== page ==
Metro Exodus Misses the Mark With Anna

Metro Exodus involves a harsh journey across Moscow as Artyom, alongside the rest of his crew aboard the Aurora train, attempts to find a habitable environment where everyone can settle down and finally live peacefully. Crew members are quick to lend a hand, both directly and indirectly. But this team dynamic becomes imbalanced, as Artyom’s wife, Anna—the best sniper in the group—constantly needs saving. In a game with so few women characters, compared to men, it’s disheartening to see how much Metro Exodus missed the mark with this skilled markswoman.  
Note: this article will include narrative spoilers involving major plot points in Metro Exodus.

We Need a Hero

Like most video games, Artyom needs to be the hero in order to drive the game forward and give the player a sense of purpose and importance in the world. Because Artyom is a silent protagonist, only his actions can characterize him. This makes it even more crucial that he plays an instrumental role in the group. 
Throughout the game, Artyom is sent on a variety of missions to save others or help move the Aurora forward by  doing things like seek fuel and water or clear a path. The player can opt to make Artyom even more heroic and kind by doing optional side-quests to help out the people he encounters during this journey.
Ultimately, we never get a strong sense of who Artyom is, but his ongoing characterization is fueled by his love for his crew. He loves his team and his wife, Anna. But mostly, Artyom yearns for a better life for all of them. It’s why everyone is on this journey to begin with.
There’s nothing wrong with Artyom being the hero who takes center stage. After all, he’s the protagonist. But the fact that he’s constantly positioned as Anna’s savior is overkill. 

Teamwork Makes the Dream Work

There’s plenty of camaraderie among this crew. In fact, our first real introduction to the world of Metro Exodus (and its cast of characters) happens towards the beginning of the game when Artyom is overwhelmed by the Watchman who have cornered him in the tunnels. We see his friends literally carry him to the hospital wing. Later, Duke pulls Artyom from the water as he narrowly escapes the Tsar fish. Towards the end of the game, everyone pulls together to try and nurse Artyom back to full health. As a result, Artyom feels more real. He’s not just this unstoppable force rescuing everyone around him; he’s a person who needs help sometimes just like everyone else.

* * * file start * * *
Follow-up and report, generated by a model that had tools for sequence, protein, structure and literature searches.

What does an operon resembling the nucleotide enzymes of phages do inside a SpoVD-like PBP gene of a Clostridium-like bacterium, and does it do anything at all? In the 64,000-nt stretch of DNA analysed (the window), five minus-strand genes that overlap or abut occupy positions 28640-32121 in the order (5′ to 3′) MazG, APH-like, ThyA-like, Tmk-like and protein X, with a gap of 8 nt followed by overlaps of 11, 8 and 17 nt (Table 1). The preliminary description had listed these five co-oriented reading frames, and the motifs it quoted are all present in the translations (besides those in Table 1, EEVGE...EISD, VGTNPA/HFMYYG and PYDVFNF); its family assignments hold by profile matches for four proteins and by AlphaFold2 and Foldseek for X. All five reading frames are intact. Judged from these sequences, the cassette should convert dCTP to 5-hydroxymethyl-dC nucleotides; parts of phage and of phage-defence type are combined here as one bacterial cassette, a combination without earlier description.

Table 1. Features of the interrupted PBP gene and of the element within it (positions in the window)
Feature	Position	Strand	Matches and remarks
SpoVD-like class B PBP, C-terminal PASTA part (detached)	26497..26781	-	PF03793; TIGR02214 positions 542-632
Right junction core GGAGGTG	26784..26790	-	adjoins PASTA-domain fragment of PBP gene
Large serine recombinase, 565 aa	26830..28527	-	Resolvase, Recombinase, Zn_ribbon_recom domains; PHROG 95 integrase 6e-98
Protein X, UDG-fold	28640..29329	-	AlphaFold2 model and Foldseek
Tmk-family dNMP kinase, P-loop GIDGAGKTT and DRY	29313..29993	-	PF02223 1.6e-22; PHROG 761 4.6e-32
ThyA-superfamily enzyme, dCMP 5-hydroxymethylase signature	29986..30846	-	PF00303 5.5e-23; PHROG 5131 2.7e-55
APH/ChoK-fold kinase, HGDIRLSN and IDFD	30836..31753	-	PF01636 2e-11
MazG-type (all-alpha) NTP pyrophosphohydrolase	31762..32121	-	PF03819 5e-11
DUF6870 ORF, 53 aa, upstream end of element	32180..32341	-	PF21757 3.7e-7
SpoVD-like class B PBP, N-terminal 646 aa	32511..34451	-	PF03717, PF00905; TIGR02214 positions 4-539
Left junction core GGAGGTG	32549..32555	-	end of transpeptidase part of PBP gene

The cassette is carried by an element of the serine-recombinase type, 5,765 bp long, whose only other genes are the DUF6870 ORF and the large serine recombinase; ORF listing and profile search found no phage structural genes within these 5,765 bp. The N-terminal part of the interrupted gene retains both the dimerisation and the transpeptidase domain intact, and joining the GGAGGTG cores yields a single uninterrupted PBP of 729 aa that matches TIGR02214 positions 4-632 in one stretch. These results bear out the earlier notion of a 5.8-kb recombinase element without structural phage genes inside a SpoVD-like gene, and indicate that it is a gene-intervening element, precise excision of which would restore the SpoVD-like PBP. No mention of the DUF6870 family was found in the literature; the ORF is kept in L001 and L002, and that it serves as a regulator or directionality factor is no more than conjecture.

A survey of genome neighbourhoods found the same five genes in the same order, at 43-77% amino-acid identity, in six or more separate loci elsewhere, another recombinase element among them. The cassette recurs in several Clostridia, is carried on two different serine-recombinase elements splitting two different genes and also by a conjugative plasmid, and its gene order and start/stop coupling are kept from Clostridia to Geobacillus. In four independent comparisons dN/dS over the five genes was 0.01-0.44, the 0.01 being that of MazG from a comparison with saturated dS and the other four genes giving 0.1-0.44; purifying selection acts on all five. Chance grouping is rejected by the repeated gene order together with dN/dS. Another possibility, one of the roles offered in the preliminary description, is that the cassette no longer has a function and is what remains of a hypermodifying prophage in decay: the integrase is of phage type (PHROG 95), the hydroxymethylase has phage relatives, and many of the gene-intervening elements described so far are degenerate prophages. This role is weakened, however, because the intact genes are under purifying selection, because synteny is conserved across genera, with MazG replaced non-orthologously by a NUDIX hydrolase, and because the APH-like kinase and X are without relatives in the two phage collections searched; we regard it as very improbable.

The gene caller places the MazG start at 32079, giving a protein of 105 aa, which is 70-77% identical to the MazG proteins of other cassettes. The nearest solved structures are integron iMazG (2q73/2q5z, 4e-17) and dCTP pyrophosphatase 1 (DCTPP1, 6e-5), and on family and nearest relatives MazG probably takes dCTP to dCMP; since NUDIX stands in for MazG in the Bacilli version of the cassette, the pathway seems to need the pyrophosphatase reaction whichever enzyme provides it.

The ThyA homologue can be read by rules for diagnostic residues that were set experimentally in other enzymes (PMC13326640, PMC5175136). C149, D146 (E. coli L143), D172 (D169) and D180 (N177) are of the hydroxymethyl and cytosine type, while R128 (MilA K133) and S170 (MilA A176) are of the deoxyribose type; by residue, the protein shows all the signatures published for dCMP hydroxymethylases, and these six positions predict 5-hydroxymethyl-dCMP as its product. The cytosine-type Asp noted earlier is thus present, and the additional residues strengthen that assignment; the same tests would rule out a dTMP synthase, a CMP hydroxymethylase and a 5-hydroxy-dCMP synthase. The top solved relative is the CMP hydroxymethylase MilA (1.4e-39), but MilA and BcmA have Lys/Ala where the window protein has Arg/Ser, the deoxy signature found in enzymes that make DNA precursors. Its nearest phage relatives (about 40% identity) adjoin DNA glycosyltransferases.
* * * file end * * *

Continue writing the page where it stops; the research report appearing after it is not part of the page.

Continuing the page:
But unlike Artyom, the amount of times Anna needs help is disproportionate to the number of times she’s taking action.

It’s worth noting that Artyom’s heroics aren’t purely limited to Anna. He helps Krest take down Humanimals at the port and aids Giul as she snipes enemies from the lighthouse. But this just makes it even clearer that having Artyom constantly save Anna is unnecessary, given the heroics that are already in the story. She’s one of the only women aboard the Aurora, and she’s the only character who needs direct help on four separate occasions. 

Anna’s Potential

By reading Artyom’s journal, we know Anna is the best sniper in the group. We even get to see her in action several times throughout the story. She’s the first character to accompany Artyom, and she holds her own well against the Watchman roaming Moscow.

Anna isn’t afraid to speak her mind either. She verbally rips into her father, Colonel Miller, after realizing he lied about there not being a world beyond the Metro. She’s willing to tell Artyom how important it is that he stays alive as her husband, rather than dead as a hero.

But for every shot Anna fired, there’s a moment where she’s captured, in a ditch, or deathly ill. She’s reduced to a recurring subgoal and, despite other characters sometimes needing help, no one else becomes this archetypal. Usually, after she’s saved, we see her fight back with a vengeance. I can’t help but wish we got to see this side of Anna more often.

Forever in Distress

I should’ve known that Anna would get stuck in the “damsel in distress trope” the first time Artyom burst into the back room to free his wife in the first chapter of the game. From there, Anna goes missing. She falls into a radioactive underground area and needs Artyom to find a way to open the door so both of them can leave.

Then comes the most jarring rescue mission. After being misled and forced to fight off a group of cannibals in Yamantau, Anna is captured. What’s odd about this moment is the entire crew is captured, but Anna is the only one who actually gets taken away, making this the prime example of how unnecessary and narratively inconsistent it is to have Anna be the one who’s constantly in need. We’re told she’s just as strong, if not stronger than, her crewmates, yet she’s the only one who needs to be saved over and over again.

Lastly, Anna becomes sick and the last chapter or so of the game is dedicated to getting her the medicine she needs to live. Anyone could’ve become deathly ill on that train. But they didn’t. Anna did.

Love Sick

Anna loves her husband. But there are times that love dips into an obsessive territory. Her facial animations are always a bit too over the top, where she seems to have this desperate desire for him at all times. It’s uncomfortable to watch, especially from the first person perspective.

Maybe that’s just the dynamic of their relationship. Maybe they’re just passionately in love. But it comes off awkward and imbalanced, because Artyom is a silent protagonist. When combined with how often Anna needs rescuing, this clunky depiction of their relationship only serves to further the idea that Anna is the helpless, loving wife, rather than the badass the game initially positions her as.

As a player, I still love Anna. She’s still a great partner on the battlefield. I only wish she was given a chance to reach her full potential and didn’t (literally) have her hands tied so often.